TRANSFORM- Theoretical Model
TRANSFORM operates under the overarching theoretical and methodological perspective of developmental psychopathology. This perspective integrates Bronfenbrenner’s (1979) ecological approach to understanding environmental contexts, organizational perspectives on development (Cicchetti & Toth, 2015; Cicchetti & Valentino, 2006), Belsky’s (1980) nested, interactive systems of influence on parenting, and Cicchetti and Rizley’s (1981) model of transactions among risk and protective factors. Equifinality and multifinality in developmental processes are seen as central for understanding normative and atypical development. From its inception, the developmental psychopathology framework has proffered the mutually- informative transactions that can occur between basic and applied research, with the ultimate goal of informing the provision of prevention and intervention initiatives. Within this framework, preventive interventions can provide important information on developmental processes in order to examine those factors that are modifiable with treatment. Thus, basic, as well as applied research can shape our understanding of etiological factors, change mechanisms, and sequelae of child maltreatment.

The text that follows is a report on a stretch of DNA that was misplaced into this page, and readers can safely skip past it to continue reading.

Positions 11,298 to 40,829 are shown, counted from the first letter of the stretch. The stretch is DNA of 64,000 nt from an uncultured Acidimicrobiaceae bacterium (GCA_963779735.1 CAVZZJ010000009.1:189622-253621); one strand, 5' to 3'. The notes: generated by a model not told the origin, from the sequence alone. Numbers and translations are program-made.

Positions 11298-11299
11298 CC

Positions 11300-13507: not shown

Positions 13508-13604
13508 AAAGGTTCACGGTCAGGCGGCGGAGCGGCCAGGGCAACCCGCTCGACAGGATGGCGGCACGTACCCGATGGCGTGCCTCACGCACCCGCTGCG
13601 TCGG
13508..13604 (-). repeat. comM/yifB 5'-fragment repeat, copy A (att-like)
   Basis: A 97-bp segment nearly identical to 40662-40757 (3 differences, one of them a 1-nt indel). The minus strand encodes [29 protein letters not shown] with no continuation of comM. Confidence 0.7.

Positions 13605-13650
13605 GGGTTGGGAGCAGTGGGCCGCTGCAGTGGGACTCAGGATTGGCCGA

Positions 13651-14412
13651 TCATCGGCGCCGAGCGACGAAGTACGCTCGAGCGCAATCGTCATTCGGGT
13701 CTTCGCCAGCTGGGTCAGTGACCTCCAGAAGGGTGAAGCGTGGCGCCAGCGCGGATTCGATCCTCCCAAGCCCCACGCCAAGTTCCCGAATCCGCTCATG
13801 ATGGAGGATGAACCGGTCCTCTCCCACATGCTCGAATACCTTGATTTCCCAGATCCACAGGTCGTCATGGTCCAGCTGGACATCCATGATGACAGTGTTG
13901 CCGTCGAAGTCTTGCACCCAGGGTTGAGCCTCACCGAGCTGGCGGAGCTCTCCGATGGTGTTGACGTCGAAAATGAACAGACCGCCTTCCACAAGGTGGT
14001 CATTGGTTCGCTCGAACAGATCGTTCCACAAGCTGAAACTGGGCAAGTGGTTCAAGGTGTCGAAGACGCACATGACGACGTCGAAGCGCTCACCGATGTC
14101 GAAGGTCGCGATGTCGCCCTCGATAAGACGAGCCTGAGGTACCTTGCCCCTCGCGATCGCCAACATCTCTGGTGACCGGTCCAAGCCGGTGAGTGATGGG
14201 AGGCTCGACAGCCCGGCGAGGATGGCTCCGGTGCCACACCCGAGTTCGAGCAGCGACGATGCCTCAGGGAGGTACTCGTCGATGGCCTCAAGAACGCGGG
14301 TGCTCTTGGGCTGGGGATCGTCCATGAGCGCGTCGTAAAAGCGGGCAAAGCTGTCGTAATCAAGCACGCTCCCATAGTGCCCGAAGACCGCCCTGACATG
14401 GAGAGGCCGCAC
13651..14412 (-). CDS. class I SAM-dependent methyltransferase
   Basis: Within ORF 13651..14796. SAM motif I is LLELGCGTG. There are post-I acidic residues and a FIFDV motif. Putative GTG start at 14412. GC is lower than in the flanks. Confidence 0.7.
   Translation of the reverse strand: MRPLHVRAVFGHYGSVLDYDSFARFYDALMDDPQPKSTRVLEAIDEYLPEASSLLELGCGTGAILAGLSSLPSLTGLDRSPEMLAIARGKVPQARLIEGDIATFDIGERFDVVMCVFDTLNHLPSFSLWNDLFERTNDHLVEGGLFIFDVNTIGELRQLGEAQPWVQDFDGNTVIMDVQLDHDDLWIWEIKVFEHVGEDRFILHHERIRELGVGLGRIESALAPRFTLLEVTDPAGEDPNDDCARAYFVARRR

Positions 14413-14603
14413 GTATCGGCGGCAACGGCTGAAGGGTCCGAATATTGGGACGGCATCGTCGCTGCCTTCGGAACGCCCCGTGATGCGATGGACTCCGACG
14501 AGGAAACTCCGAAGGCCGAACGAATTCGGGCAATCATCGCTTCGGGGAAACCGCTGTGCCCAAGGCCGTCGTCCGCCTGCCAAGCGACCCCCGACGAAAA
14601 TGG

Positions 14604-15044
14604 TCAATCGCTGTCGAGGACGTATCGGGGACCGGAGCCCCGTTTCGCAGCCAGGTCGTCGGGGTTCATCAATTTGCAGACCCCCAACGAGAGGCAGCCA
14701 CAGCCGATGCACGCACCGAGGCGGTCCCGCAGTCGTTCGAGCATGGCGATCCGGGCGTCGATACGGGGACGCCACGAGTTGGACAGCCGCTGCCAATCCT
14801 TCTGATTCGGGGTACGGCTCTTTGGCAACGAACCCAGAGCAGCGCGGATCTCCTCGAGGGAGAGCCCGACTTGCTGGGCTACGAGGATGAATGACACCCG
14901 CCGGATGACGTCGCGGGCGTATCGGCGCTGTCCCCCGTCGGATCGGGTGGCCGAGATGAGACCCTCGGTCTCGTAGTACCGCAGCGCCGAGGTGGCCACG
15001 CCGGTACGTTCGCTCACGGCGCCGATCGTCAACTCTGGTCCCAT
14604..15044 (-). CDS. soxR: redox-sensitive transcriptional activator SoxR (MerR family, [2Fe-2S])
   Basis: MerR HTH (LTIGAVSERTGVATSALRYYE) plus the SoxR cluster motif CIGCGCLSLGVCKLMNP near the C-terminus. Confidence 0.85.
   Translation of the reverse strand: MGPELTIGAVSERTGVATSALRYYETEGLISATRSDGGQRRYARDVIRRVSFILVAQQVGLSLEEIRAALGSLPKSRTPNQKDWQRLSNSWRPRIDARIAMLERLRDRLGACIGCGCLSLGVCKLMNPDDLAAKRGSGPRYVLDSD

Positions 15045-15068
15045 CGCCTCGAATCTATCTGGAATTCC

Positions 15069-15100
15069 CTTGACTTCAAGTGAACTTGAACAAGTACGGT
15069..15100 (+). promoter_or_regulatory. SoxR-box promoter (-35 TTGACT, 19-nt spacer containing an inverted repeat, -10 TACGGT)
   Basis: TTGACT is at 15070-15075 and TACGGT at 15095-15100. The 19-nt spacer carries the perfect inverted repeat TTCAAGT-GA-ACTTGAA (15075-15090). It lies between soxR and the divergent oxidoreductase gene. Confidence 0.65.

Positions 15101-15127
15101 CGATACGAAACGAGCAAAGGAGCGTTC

A multi-level analytical approach incorporates multiple influences, including psychosocial as well as neurobiological processes that impact development. Increasingly, the role of the stress response system through the hypothalamic-pituitary-adrenal (HPA) axis, as well as genetic and epigenetic factors, are being examined in high-risk populations to better understand its developmental impact and the opportunity it provides to assess treatment effects. Dysregulations in HPA axis activity and gene by environment interactions have been documented in our corpus of publications on maltreated children. Although advances in science and technology have permitted more detailed examination of processes impacting the development of maltreated children, they also have uncovered variability and transactional challenges for which simplistic solutions have proven inadequate.